1)Life costs money. A pile of unsold manuscripts doesn’t bring home the bacon (or the electricity or the roof over your head).

2)I need an audience. I love the stories that I write, but they don’t fully come to life until they are shared. And I need their feedback too,

The good news for me is that I do have an audience. You, the devoted readers of this too infrequently updated blog, are the people who have chosen to tune in and listen to me. Over the last few years, I’ve been able to share my observations, experiences, and general ramblings with all of you. And surprisingly, you keep coming back. So thank you!

So here’s what I would like from you, dear readers. As you know, I self-published my latest novel “The Patchwork Boy” in June. I am incredibly proud of it, and I want your help to promote it. Positive reviews are an independent author’s best friend. Each review on sites like Goodreads.comAmazon, or iTunes brings more attention and more potential readers to the book. I know that some of you are worried about writing a review, and trust me, I understand. But a review does not have to be as complex and verbose as a PhD thesis. A simple, to the point blurb does more to sell a book than you will ever know.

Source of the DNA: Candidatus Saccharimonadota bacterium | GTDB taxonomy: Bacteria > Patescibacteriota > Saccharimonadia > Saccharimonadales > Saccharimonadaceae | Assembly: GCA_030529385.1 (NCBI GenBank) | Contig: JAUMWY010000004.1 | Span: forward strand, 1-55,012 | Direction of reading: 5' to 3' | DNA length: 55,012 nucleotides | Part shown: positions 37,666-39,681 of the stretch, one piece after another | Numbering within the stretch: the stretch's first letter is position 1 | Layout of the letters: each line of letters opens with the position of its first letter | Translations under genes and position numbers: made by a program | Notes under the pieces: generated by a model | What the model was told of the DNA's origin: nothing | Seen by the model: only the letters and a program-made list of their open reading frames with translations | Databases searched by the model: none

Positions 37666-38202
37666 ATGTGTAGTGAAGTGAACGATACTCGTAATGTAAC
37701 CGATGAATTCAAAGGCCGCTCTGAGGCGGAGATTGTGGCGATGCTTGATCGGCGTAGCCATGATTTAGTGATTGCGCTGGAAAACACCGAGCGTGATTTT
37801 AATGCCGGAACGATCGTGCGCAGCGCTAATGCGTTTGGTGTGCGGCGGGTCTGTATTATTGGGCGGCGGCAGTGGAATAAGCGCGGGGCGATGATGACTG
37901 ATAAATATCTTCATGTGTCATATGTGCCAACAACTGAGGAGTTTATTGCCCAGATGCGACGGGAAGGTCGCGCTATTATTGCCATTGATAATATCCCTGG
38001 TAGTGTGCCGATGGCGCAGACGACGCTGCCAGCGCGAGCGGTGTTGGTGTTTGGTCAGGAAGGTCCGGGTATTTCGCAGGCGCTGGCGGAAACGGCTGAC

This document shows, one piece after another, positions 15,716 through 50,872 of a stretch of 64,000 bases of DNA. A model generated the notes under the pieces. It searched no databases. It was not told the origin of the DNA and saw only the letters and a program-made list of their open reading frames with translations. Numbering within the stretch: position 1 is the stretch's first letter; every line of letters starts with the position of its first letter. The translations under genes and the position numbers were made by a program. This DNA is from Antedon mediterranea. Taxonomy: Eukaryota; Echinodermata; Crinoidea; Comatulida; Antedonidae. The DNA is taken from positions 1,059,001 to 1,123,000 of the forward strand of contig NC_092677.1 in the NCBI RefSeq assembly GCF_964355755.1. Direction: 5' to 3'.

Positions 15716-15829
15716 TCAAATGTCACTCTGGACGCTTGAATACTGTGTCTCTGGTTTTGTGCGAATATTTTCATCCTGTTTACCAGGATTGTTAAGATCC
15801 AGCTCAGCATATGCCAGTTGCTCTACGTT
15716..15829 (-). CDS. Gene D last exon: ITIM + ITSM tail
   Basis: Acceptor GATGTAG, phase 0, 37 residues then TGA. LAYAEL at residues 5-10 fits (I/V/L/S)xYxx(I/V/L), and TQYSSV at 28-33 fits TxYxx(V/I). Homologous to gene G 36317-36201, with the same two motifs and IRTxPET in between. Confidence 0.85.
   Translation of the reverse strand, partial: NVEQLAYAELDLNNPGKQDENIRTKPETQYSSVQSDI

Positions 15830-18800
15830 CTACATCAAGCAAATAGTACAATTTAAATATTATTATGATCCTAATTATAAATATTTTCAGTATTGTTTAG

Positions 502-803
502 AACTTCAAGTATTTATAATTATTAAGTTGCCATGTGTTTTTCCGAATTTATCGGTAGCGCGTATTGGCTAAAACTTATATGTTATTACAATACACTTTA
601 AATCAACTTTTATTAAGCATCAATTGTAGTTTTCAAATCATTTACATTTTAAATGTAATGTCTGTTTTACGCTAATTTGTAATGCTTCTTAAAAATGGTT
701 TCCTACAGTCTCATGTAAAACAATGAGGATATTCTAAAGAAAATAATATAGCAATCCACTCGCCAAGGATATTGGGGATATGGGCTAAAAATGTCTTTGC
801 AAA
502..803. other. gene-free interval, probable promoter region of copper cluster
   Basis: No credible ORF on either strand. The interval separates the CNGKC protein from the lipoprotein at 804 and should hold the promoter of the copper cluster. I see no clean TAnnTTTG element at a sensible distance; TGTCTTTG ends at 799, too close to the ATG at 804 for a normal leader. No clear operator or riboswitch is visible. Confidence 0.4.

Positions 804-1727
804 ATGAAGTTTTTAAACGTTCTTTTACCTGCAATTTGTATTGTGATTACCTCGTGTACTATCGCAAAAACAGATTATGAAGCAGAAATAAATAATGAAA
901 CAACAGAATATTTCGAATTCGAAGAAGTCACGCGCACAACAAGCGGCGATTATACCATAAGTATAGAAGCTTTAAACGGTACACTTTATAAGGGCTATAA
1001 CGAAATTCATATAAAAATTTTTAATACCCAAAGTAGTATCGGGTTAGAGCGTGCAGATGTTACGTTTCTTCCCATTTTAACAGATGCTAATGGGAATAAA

That’s your mission, should you choose to accept it: go write a quick review at one (or more), and let me know when it’s done. I cannot stress enough how much I value your support and encouragement, and I’m grateful for all the help you’ve given me before and in the future. Thanks again!

Press B to quit (for a little while)

Quietly storming out is so a strategy